The traits of a pastor’s wife have changed since I was a small girl. In my younger days, a pastor’s wife MUST know how to sing and play. How else could a young lady serve? Thankfully, we have now realized that women are capable of so much more. I strongly believe that a pastor’s wife must have compassion and be willing to share “another’s burdens” as if they were her own. I believe she should exude an approachable demeanor, not standoffish or appearing as if she exists on a level above all others. I believe she should try her best to portray the joy of the Lord in her everyday living — not being the type of person that you never know from one day to the next whether they will be negative or positive, happy or sad, etc. (better known as moody). A pastor’s wife should be the kind of person that others desire to be around, instead of people trying to scurry out of her way when she enters a room, trying to flee the scene because “Lady All About Me” has just arrived.
What are some of the more common mistakes that a pastor’s wife will make in learning her role?
Bro. J. T. Pugh, an incredible mentor of ours, once said that it is important for leaders to recognize they should not feel obligated to rise to every occasion. There are times a pastor’s wife does not “see” some things or “hear” some things. The goal, it seems, should be to point people to a higher level of living in life. If leaders constantly react to every exchange around them, their life may become mired in constant controversy. To borrow an additional set of words from our much-honored Pastor Pugh, “It is important that a leader (in this case, a pastor’s wife) does not become part of the problem.” In other words, be careful that by your actions you do not give someone “a club to beat you with.”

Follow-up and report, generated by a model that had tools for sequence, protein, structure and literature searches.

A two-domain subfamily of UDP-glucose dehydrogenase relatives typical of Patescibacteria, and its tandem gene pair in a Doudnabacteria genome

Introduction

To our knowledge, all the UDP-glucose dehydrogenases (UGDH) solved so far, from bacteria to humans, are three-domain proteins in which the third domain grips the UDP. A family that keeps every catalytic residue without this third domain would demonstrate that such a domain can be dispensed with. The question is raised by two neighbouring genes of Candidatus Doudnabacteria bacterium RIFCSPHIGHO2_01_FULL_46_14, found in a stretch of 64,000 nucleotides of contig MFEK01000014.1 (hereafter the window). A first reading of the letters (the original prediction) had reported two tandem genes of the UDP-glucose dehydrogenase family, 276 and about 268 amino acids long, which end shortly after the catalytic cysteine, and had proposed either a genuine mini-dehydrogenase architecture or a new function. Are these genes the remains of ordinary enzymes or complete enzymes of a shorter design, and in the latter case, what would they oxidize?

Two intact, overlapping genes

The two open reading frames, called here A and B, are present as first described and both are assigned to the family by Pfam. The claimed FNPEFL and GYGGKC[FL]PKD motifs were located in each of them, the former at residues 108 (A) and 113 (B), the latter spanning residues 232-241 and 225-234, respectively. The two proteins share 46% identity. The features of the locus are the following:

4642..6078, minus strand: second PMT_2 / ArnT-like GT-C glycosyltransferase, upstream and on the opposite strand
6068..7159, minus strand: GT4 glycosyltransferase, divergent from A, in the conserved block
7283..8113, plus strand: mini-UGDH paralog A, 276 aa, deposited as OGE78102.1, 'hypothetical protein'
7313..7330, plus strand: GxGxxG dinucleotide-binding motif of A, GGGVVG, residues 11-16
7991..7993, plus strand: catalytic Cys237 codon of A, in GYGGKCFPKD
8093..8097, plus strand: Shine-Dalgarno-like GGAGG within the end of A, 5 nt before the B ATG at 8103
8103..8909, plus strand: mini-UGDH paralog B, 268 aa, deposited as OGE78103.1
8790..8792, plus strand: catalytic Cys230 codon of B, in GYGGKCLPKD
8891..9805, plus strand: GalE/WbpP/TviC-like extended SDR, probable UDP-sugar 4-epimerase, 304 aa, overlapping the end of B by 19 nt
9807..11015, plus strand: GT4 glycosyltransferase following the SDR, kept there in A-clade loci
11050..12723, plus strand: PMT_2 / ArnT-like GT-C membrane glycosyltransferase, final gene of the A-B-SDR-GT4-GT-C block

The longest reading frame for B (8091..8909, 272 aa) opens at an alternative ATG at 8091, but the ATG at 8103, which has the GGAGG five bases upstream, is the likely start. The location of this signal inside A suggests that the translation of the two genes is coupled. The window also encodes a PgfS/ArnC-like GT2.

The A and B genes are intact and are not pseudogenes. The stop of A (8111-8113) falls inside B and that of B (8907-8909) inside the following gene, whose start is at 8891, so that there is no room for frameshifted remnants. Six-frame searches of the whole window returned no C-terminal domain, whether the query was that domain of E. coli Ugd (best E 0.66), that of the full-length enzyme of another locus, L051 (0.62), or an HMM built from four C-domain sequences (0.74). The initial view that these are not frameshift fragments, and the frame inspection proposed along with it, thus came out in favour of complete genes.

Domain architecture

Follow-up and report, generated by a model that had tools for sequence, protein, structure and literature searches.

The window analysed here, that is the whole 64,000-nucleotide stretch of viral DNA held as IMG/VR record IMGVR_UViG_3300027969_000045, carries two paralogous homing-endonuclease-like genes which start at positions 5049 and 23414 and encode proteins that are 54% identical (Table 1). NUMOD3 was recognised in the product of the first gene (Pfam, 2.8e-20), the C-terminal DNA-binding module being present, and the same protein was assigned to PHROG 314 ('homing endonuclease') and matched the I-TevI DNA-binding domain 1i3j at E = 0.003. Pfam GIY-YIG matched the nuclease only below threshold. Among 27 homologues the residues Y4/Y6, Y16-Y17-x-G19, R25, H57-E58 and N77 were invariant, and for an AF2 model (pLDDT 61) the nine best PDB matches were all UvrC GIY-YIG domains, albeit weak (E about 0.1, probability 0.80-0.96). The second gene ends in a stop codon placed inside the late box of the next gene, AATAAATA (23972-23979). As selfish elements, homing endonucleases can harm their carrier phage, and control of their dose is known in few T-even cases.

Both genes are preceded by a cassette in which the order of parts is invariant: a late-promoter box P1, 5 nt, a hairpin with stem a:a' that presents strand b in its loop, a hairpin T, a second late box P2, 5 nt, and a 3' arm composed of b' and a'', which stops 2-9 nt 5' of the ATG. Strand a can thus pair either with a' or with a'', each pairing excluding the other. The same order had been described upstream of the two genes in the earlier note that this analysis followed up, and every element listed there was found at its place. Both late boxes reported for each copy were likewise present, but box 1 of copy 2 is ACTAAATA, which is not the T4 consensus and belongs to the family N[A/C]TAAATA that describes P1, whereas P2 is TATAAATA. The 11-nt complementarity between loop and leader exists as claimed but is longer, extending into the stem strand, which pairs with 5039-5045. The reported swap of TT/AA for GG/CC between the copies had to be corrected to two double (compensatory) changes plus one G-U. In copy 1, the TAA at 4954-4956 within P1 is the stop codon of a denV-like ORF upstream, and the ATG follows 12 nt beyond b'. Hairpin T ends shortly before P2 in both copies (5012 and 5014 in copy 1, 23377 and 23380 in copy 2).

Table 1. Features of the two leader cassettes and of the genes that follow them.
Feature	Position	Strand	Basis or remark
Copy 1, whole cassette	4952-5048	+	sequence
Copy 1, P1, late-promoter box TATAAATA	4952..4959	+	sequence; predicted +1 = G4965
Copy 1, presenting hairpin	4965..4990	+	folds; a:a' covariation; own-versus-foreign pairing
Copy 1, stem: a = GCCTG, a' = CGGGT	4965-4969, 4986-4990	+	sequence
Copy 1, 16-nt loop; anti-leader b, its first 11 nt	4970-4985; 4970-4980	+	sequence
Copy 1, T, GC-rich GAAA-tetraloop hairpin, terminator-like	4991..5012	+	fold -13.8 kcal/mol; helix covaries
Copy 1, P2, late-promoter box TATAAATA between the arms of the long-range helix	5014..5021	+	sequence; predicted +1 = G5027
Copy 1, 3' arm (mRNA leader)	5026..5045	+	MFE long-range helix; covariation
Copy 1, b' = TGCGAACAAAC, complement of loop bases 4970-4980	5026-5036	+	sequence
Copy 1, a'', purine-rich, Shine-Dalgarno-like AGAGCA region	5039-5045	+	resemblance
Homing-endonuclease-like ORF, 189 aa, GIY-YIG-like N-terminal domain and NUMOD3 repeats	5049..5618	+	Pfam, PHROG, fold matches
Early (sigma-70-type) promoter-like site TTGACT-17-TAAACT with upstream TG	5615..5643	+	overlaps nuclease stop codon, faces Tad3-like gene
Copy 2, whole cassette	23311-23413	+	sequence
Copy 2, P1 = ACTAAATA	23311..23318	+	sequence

Can you share a personal experience that in some way defines what the life of a pastor’s wife is like?
I was recently at a district function for ministers’ wives and sat next to a lady I did not know. The speaker that day instructed us to get acquainted with our neighbors. I began talking to the sweetest lady. She said, “If you have any advice at all for me, I would so much appreciate it. Our church is small and we are the pastor, the youth leader, the Sunday school director, the counselors — we do it all! At times, I become so overwhelmed that I am not sure we are doing a good job.” My heart was so touched by this beautiful lady, as I had “dwelled” in the same place.